“I’ll Be Missing You”

’90s No. 1s Revisited: “I’ll Be Missing You”

The one hundred eighth No. 1 song of the 1990s was “I’ll Be Missing You” by Puff Daddy and Faith Evans f/ 112. This single, a tribute to slain rapper The Notorious B.I.G., debuted at No. 1, becoming the first Hip-Hop song to do so, and was a global success, topping charts throughout Europe and Australia in addition to the U.S. It became the second of Puff Daddy’s five No. 1 hits, and the first and only chart-topper for both Faith Evans and 112.

Prior to “I’ll Be Missing You,” Evans, who was separated from but still married to The Notorious B.I.G. when he died, had sent three releases onto the Billboard Hot 100 in 1995-96, the highest-peaking of which was her second single, “Soon As I Get Home” (peak: 21). After the success of “I’ll Be Missing You,” she would continue to chart throughout the ’90s and early ’00s, most successfully in 1998-99 with “Love Like This” (peak: 7), “All Night Long” (peak: 9) and as a featured artist on Whitney Houston’s “Heartbreak Hotel,” along with Kelly Price (peak: 2). Evans has not charted since 2005 but continues to release new albums, including 2017’s The King & I, a commercially unsuccessful “collaboration” project that combined Evans’ singing with previously released performances from The Notorious B.I.G.’s recordings.

Also featured on “I’ll Be Missing You” is 112, a four-member male singing group from Atlanta whose first-ever single, 1996’s “Only You” (peak: 13), had featured The Notorious B.I.G. They would continue to find success in the years that followed “I’ll Be Missing You,” particularly as a featured act on Allure’s remake of Lisa Lisa and Cult Jam’s “All Cried Out” (peak: 4) later in 1997, and with two singles off their 2001 album, Part III: “It’s Over Now” (peak: 6) and “Peaches & Cream” (peak: 4). They, like Faith Evans, last charted in 2005. (Puff Daddy, by the way, most recently charted in 2011, as Diddy – Dirty Money, a project for which he, aka Diddy, collaborated with singers Dawn Richard and Kalenna Harper, aka Dirty Money.)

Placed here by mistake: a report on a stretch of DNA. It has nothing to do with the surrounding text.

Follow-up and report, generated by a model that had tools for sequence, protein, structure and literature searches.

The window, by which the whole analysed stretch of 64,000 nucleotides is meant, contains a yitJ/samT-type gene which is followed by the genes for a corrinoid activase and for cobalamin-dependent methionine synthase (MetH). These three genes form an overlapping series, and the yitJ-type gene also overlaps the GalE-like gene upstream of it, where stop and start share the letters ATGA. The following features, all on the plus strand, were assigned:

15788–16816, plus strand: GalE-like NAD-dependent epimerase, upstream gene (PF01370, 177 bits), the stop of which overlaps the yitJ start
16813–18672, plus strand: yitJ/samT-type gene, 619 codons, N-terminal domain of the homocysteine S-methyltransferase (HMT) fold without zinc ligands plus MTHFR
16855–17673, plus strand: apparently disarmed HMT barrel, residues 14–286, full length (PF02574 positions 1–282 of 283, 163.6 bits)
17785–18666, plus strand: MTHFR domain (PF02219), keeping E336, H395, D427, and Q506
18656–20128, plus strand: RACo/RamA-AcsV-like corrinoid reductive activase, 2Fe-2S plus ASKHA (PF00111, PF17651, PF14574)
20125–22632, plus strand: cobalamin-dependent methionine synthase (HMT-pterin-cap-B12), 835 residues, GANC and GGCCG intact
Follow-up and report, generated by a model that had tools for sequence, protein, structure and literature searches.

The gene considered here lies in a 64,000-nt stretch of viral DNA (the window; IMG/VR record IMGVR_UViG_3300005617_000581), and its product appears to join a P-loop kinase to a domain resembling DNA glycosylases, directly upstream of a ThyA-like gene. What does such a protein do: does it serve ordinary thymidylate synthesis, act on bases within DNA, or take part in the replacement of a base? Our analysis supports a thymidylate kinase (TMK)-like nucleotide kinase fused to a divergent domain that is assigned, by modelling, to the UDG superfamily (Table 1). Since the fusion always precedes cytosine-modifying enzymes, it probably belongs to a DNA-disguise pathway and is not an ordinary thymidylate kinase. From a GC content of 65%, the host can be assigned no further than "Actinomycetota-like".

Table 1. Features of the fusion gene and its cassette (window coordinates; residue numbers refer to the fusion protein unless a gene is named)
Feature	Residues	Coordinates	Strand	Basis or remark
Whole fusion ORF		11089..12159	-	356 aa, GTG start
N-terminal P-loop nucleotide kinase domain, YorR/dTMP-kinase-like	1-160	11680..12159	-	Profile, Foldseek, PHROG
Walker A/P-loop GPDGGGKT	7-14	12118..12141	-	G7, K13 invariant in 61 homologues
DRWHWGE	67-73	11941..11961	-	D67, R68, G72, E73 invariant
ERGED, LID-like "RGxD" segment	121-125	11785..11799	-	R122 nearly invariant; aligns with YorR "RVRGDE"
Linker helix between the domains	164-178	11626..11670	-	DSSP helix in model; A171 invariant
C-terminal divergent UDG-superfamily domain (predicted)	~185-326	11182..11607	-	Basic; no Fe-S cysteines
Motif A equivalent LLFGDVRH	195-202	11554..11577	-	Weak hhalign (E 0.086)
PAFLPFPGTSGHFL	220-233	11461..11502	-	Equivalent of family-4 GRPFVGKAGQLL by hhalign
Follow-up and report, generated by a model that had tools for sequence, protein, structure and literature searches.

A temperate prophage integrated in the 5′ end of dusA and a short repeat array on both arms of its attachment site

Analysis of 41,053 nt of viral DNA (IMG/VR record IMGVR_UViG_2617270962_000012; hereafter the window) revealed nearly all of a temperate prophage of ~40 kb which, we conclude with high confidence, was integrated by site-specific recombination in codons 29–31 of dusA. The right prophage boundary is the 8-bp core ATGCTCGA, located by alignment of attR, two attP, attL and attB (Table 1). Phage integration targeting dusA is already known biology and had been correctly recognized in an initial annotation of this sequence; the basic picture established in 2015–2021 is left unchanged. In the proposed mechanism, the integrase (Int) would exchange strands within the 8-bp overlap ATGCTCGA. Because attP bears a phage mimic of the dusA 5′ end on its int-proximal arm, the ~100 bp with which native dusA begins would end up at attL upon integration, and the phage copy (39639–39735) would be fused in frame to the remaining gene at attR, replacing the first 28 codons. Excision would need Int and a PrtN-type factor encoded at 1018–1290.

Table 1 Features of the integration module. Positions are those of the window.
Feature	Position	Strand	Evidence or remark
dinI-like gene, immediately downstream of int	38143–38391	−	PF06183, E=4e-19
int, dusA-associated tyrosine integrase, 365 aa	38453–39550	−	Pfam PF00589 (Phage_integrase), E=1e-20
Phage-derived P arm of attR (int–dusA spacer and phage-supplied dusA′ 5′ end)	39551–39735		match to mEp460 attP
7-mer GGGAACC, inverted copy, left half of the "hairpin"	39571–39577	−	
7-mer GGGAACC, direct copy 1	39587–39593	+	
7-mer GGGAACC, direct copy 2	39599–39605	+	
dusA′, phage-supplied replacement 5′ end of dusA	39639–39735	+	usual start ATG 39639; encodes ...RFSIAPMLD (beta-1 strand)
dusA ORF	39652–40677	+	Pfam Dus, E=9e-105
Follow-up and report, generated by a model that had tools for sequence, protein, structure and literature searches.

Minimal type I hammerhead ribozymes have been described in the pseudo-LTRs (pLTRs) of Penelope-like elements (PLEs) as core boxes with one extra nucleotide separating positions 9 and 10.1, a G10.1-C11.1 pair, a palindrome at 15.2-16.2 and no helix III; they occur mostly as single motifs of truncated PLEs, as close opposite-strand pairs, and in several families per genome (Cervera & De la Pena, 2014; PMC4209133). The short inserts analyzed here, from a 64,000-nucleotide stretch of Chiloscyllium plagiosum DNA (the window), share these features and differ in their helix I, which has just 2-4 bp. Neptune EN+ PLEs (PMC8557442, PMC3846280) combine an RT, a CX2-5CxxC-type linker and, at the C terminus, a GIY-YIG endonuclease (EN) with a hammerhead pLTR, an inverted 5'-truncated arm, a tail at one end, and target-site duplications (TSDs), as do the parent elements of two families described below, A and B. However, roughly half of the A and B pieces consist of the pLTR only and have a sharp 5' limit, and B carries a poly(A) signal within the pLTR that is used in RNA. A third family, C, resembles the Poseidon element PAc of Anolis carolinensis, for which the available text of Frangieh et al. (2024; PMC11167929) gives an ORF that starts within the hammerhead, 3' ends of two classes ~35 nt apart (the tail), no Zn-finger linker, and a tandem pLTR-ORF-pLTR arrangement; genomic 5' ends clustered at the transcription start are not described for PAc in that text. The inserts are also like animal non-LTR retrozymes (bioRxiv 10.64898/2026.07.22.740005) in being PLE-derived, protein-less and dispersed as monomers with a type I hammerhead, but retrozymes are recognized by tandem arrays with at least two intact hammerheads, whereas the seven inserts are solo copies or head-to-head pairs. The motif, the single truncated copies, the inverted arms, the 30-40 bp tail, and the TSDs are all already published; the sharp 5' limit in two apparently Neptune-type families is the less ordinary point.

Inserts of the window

“I’ll Be Missing You,” a last-minute addition to Puff Daddy’s debut album, No Way Out, addresses the difficulty of loss, and in that sense is part of a long-standing and still-relevant tradition of death-themed tracks spending long stretches at No. 1, a la “One Sweet Day,” “Candle In The Wind 1997” and “See You Again.” Musically, the song is soft for a Hip-Hop track, borrowing both its instrumental and its chorus from The Police’s 1983 smash “Every Breath You Take,” which was the No. 1 song of that year. “I’ll Be Missing You” was the No. 3 song of 1997 and won a Grammy for Best Rap Performance by a Duo or Group, beating out Puff Daddy’s two other No. 1 hits from 1997, “Can’t Nobody Hold Me Down” and “Mo Money Mo Problems.”

Let’s take a fresh listen to “I’ll Be Missing You”:

It’s unseemly to bash a song that we believe was borne of genuine grief and pure intentions. We believe that The Notorious B.I.G.’s death was difficult for Puff Daddy, and even for Faith Evans, despite the fact that she was already dating the man she would go on to marry before The Notorious B.I.G. passed away. In retrospect, what we like about this song is its vulnerable, sincere simplicity. All this said, we just didn’t care much for this song musically, and our opinion remains unchanged. The problem with it, perhaps, is its over-reliance on material from “Every Breath You Take.” Perhaps they should have lifted either the instrumental or the chorus rather than both, or at least more significantly altered the form of either component. Instead, the song leaves the listener hyper-aware of the original — which, by the way, is about obsession and stalking. This track was a missed opportunity to create a tribute that would stand on its own merits instead of being “that Puff Daddy remake of ‘Every Breath You Take.'”

Does it hold up? In a core sense, we’d say it doesn’t, because the track is a snapshot of the immediate emotional state of two particular people, Puff Daddy and Faith Evans, after a specific, recent loss. As time has worn on, The Notorious B.I.G.’s death, tragic though it remains, has become a historical event and unsolved mystery. But for those able to overlook the specific references to the man who inspired the track, the basic elements of the recording hold up decently well. The production is durable, and the theme is eternal. As of this writing, the lyric video for “I’ll Be Missing You” has more than 57 million views on YouTube, which indicates some sustained interest in the track.

Dopeness: 2 out of 5 Birkenstocks


Puff Daddy and Faith Evans f/ 112
“I’ll Be Missing You”
11 weeks at No. 1, starting June 14, 1997
Preceded by: “MMMBop,” Hanson
Followed by: “Mo Money Mo Problems,” The Notorious B.I.G. f/ Puff Daddy and Mase

’90s No. 1s Revisited is a regular feature on “Was It Dope?” where we walk through every No. 1 song of the 1990s on the Billboard Hot 100 chart in order, give it another listen, and answer two critical questions: Was it dope? And does it hold up?

– John

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